Note from the publisher

Strategy & Leadership

ISSN: 1087-8572

Article publication date: 1 December 2002



(2002), "Note from the publisher", Strategy & Leadership, Vol. 30 No. 6.



Emerald Group Publishing Limited

Copyright © 2002, MCB UP Limited

Note from the publisher

In a strong start to 2003, our first issue, Decision-driven scenarios of the near future, looks at innovative scenario methodologies for managing discontinuity in the near term. The five feature articles brought together in the issue and outlined below investigate how decision-driven scenarios might be used to gain foresight over the next few months and years.

Scenarios for planning post 9/11: managing the impact of a catastrophic eventCharles Thomas, Peter Kennedy, and Charles Perrottet

Managers need a framework for assessing various kinds of risk and uncertainty that will continue to confront corporate decision-makers post 9/11. The authors suggest an innovative scenario process that provides business continuity planning and medium-term operational planning with rigorous analytical grounding but without excessive complexity. The authors introduced alternative scenario-based tools to respond to a specific need for continuity assurance and near-term operations planning in three case organizations. In Case One, business continuity planning for the management of one leading global financial services firm committed to a process of identifying and remedying gaps in the recoverability of its key assets. Workshops developed strategies that would close unacceptable asset recovery gaps in two scenarios. In Case Two, medium term operational planning for a professional services firm in the weeks that followed 9/11 evaluated the plausible range of impacts on their business and operations as the US and the world took action and terrorist groups responded further. Case Three reports on how three years ago, the US Coast Guard developed scenarios for very long range strategic planning for their long view project. The Coast Guard developed ten basic strategies from these scenarios, the fourth of which was "Acquire full maritime domain awareness". The goal was to give the Coast Guard the ability to acquire, track, and identify in real time any vessel or aircraft entering America's maritime domain. Maritime Domain Awareness (MDA) turned out to be highly relevant for USCG decision making both before and after 9/11. Of all the major US federal services involved in the 9/11 response operation, the Coast Guard was singled out for its agility and preparedness.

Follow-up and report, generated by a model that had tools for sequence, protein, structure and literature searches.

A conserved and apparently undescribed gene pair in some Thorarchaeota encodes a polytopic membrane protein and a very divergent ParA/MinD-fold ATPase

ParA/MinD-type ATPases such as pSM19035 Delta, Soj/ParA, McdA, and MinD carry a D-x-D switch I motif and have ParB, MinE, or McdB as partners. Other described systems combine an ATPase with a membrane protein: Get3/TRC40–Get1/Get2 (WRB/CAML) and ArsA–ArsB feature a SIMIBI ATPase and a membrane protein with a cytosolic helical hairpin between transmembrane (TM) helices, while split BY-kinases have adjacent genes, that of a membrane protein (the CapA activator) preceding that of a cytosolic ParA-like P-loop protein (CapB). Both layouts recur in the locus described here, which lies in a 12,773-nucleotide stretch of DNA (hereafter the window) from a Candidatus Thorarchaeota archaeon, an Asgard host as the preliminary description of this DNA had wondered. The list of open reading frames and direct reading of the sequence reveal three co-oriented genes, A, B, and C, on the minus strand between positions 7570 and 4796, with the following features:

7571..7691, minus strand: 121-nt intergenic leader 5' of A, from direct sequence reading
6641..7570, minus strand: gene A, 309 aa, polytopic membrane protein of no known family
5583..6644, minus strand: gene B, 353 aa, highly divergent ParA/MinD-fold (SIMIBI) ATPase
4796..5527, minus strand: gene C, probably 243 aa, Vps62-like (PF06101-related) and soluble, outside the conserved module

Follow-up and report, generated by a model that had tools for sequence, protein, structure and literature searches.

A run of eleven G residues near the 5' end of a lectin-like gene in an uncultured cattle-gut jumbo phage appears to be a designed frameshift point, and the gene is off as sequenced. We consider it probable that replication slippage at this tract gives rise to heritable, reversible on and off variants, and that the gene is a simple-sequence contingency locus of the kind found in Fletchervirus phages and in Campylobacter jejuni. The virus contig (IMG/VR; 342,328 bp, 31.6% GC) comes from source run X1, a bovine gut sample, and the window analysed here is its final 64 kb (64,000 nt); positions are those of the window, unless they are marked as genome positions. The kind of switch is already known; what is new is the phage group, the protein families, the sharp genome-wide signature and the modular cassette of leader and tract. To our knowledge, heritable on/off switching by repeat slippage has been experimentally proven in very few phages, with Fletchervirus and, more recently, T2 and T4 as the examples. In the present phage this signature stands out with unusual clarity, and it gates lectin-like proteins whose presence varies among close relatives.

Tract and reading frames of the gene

Using scenario planning to make better near-term decisions Hugh Courtney

Some classes of scenario planning tools and techniques are designed to inform near-term strategic decisions. Of these, some are more appropriate for lower levels of uncertainty, and others are best suited for highly uncertain, truly ambiguous business environments. The author's typology of scenario planning tools and techniques enables managers to select the right scenario planning tool for near-term strategy decisions, based on the degree of uncertainty they face.

Scenarios and strategies: making the scenario about the businessDavid H. Mason and James Herman

To persuade top management to actively participate in a scenario development effort linked to major decision making, this method makes the client organization and its strategy alternatives the central focus of the scenarios. A compelling benefit of this form of scenario planning is that it pushes management to see the business and its environment as a system co-evolving over time. The process can become a forum for a healthy debate concerning the scope of the business and the importance of emerging environmental changes.

Competitor scenariosLiam Fahey

Several leading companies have employed scenarios both to better understand current competitors' potential moves and to anticipate the possible emergence of new rivals. They have mastered several principles and a number of ways to avoid process pitfalls. Experienced managers use competitor scenarios as a source of learning about the broader competitive context and of the implications for their firm's strategy and operations.

Using scenarios to focus R&DGill Ringland

Scenarios provide managers of R&D programs with alternative views of the future societies and markets. By previewing what research would be a priority in these possible future environments and what would be constrained or unmarketable, a number of firms have successfully used scenario planning to improve current R&D decision making. A case study of scenarios for an Information and Communication Technology R&D program details the process and its implications for corporate planners.

Finally, to round off the issue, Brian Leavy explores the essence of great leadership in his "Strategic Leader" article, "Understanding the triad of great leadership – context, conviction and credibility". Based upon a decade of research, this author concludes that leadership effectiveness at the CEO level can best be understood in terms of three main elements: the context; the conviction; and the flow of credibility over time and tenure. The implications stemming from this are important for a proper perspective of business.

Related articles